Unlike vanden Bossche, we are not concerned about the difference between mild symptoms and none at all; quite obviously, both groups of patients were protected from severe disease. More interesting than this quibble is his parenthetical assertion that the majority of the population has already been “asymptomatically infected” with COVID. He further assumes that such individuals do not develop any immunological memory. Several questions then arise:
- How was it established that the majority of the population had already experienced asymptomatic infection? Positive PCR tests alone cannot be accepted as proof of this assertion.
- If any individuals were indeed asymptomatically infected, then what, if not cross-immunity, prevented their infection from becoming clinically manifest?
- If these individuals were protected from manifest disease during their first infection, why should we assume that they will fare any worse when infected again? We hope that vanden Bossche will resist the temptation to trot out the fearsome Delta variant in response.
6. Of people and of test tubes
In the Danish study [Nielsen et al.] at least nine individuals were unable to fully neutralize viral infection
Neutralization is a function of antibodies or serum samples, not of individuals. Clinical immunity may exist even without neutralizing antibodies. Moreover, neutralization was determined using a recombinant pseudo-virus that expressed the SARS-CoV-2 spike protein, but none of the other SARS-CoV-2 proteins. It cannot simply be assumed that none of these could contribute to neutralization.
In addition, it is stated in the discussion [again Nielsen et al.] that ‘some rare individuals have no detectable immunological memory to Sars-CoV-2.’
These “rare individuals” were most likely those with low cross-immunity and false-positive PCR tests. The fact that a lack of immunological memory is rare supports rather than contradicts the prevalence of cross-immunity.
To my knowledge, there is no evidence that Sars-CoV-2-induced CD8+ T cells provide cross-protection from common cold viruses or vice versa and this wasn’t even part of this investigation.
Cross-protection from common cold viruses by immunity to SARS-CoV-2 is not the point. We are only discussing cross-immunity in the opposite direction, which has indeed been detected [9,10] and most likely contributes to the clinically manifest cross-protection.
7. On herd immunity
So, with all my respect for Dr. Bhakdi, the conclusion that herd immunity would already be established and would simply need to be recalled upon exposure to SARS-CoV-2 is not correct. By the way, if this were true, we would not currently be witnessing a fulminant propagation of the delta variant in several countries.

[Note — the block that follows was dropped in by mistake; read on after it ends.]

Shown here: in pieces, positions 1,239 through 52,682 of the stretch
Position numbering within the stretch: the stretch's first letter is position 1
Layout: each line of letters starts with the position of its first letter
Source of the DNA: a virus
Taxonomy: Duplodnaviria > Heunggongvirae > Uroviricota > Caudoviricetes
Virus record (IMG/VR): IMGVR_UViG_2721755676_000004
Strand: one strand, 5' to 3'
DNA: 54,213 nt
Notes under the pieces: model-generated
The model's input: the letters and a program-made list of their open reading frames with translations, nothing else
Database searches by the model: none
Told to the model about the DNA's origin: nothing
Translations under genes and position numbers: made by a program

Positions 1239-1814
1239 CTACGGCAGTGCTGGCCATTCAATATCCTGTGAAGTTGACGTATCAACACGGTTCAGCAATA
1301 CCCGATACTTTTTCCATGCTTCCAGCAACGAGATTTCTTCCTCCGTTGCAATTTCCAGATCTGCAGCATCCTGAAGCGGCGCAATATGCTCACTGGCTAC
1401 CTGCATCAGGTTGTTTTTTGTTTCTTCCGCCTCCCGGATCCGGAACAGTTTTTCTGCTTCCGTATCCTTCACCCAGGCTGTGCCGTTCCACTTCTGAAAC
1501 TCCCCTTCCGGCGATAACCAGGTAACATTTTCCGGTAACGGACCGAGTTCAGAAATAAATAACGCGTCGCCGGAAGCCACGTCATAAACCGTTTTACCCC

Herd immunity in the strict sense—namely, a high prevalence of sterilizing immunity that prevents a virus from effectively propagating within the population—is problematic with any respiratory virus. Dr. Bhakdi was using the term loosely, referring widespread immunity that is sufficient to protect from severe disease. The pervasiveness of such immunological protection is indeed apparent from the very low rates of fatality or severe disease in the general population, and particularly among those without co-morbidities. However, we agree with vanden Bossche that it would have been better to use the term “widespread protective immunity” rather than “herd immunity” in this case.
With the exception of the above single point of terminology, we see no merit in Dr. vanden Bossche’s response. We maintain that Dr. Bhakdi’s interpretation of the studies he highlighted in his video presentation are fully supported by the available scientific literature.
1. Bhakdi, S. (2021) Proof that puts an end to the SARS-CoV-2 narrative.
2. Vanden Bossche, G. (2021) Response to Dr. Bhakdi.
3. Dugas, M. et al. (2021) Less severe course of COVID-19 is associated with elevated levels of antibodies against seasonal human coronaviruses OC43 and HKU1 (HCoV OC43, HCoV HKU1). Int J Infect Dis 105:304-306
4. Dugas, M. et al. (2021) Lack of antibodies against seasonal coronavirus OC43 nucleocapsid protein identifies patients at risk of critical COVID-19. J Clin Virol 139:104847
5. Yamaguchi, T. et al. (2021) Immunity against seasonal human coronavirus OC43 mitigates fatal deterioration of COVID-19. Int J Infect Dis (preprint)
6. Yaqinuddin, A. (2020) Cross-immunity between respiratory coronaviruses may limit COVID-19 fatalities. Med. Hypotheses 144:110049
7. Tsabouri, S. et al. (2021) Risk Factors for Severity in Children with Coronavirus Disease 2019: A Comprehensive Literature Review. Pediatric clinics of North America 68:321-338
8. Nielsen, S.S. et al. (2021) SARS-CoV-2 elicits robust adaptive immune responses regardless of disease severity. EBioMedicine 68:103410
9. Le Bert, N. et al. (2020) SARS-CoV-2-specific T cell immunity in cases of COVID-19 and SARS, and uninfected controls. Nature 584:457-462
10. Grifoni, A. et al. (2020) Targets of T Cell Responses to SARS-CoV-2 Coronavirus in Humans with COVID-19 Disease and Unexposed Individuals. Cell 181:1489-1501.e15